2023-12-02T15:15:40Zhttps://docta.ucm.es/rest/oai/requestoai:docta.ucm.es:20.500.14352/512692023-08-04T02:26:38Zcom_20.500.14352_14col_20.500.14352_15
Alieva, Tatiana Krasheninnikova
Bastiaans, Martin J.
2023-06-20T10:48:48Z
2023-06-20T10:48:48Z
2007-04-01
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1084-7529
10.1364/JOSAA.24.001053
https://hdl.handle.net/20.500.14352/51269
http://dx.doi.org/10.1364/JOSAA.24.001053
http://www.opticsinfobase.org/
Based on the eigenvalues of the ray transformation matrix, a classification of ABCD systems is proposed and some nuclei (i.e., elementary members) in each class are described. In the one-dimensional case, possible nuclei are the magnifier, the lens, and the fractional Fourier transformer. In the two-dimensional case we have-in addition to the obvious concatenations of one-dimensional nuclei-the four combinations of a magnifier or a lens with a rotator or a shearing operator, where the rotator and the shearer are obviously inherently two-dimensional. Any ABCD system belongs to one of the classes described in this paper and is similar (in the sense of matrix similarity of the ray transformation matrices) to the corresponding nucleus. Knowledge of a nucleus may be helpful in finding eigenfunctions of the corresponding class of first-order optical systems: one only has to find eigenfunctions of the nucleus and to determine how these functions propagate through a firstorder optical system.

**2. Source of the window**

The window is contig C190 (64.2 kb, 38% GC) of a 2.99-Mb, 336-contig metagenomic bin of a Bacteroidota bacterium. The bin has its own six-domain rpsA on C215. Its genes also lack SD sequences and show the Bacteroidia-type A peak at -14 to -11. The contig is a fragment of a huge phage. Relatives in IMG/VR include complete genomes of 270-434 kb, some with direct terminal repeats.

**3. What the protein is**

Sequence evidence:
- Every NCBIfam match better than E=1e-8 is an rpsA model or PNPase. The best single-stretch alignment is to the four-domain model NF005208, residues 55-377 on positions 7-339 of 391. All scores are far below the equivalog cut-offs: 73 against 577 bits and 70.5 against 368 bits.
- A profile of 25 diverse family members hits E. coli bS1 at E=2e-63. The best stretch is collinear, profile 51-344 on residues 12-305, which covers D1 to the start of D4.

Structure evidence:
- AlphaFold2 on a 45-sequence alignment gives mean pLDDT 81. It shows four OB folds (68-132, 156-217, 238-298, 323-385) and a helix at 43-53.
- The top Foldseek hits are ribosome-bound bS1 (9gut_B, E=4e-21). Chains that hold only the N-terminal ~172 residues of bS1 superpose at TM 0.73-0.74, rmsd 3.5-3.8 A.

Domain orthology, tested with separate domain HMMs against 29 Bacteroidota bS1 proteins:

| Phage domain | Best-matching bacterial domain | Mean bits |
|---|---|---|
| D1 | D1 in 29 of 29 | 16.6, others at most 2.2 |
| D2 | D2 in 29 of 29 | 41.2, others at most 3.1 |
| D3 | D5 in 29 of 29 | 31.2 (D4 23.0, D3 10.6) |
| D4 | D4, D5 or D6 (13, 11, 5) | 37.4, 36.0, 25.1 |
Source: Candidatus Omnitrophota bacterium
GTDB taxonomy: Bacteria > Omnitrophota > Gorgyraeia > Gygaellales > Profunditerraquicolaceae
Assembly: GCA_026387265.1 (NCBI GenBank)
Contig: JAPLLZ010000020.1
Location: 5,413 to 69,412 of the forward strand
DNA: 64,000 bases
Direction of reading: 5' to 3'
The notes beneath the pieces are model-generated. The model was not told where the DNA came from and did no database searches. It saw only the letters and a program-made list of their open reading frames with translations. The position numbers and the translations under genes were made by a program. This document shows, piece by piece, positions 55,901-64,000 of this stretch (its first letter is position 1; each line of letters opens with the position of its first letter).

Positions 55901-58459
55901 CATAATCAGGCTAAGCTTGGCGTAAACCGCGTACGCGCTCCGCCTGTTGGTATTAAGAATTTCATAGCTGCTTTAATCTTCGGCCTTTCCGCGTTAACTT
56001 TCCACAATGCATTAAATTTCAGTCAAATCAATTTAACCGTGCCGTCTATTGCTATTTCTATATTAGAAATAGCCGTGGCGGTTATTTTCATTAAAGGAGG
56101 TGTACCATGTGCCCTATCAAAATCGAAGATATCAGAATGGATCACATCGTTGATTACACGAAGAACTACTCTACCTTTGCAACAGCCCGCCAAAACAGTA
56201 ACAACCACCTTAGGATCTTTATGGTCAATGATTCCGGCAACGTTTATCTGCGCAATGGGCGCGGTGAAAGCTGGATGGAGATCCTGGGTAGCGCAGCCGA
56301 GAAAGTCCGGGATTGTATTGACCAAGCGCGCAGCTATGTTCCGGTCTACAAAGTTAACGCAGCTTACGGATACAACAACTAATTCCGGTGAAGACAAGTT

eng
open access
Classification of lossless first-order optical systems and the linear canonical transformation
journal article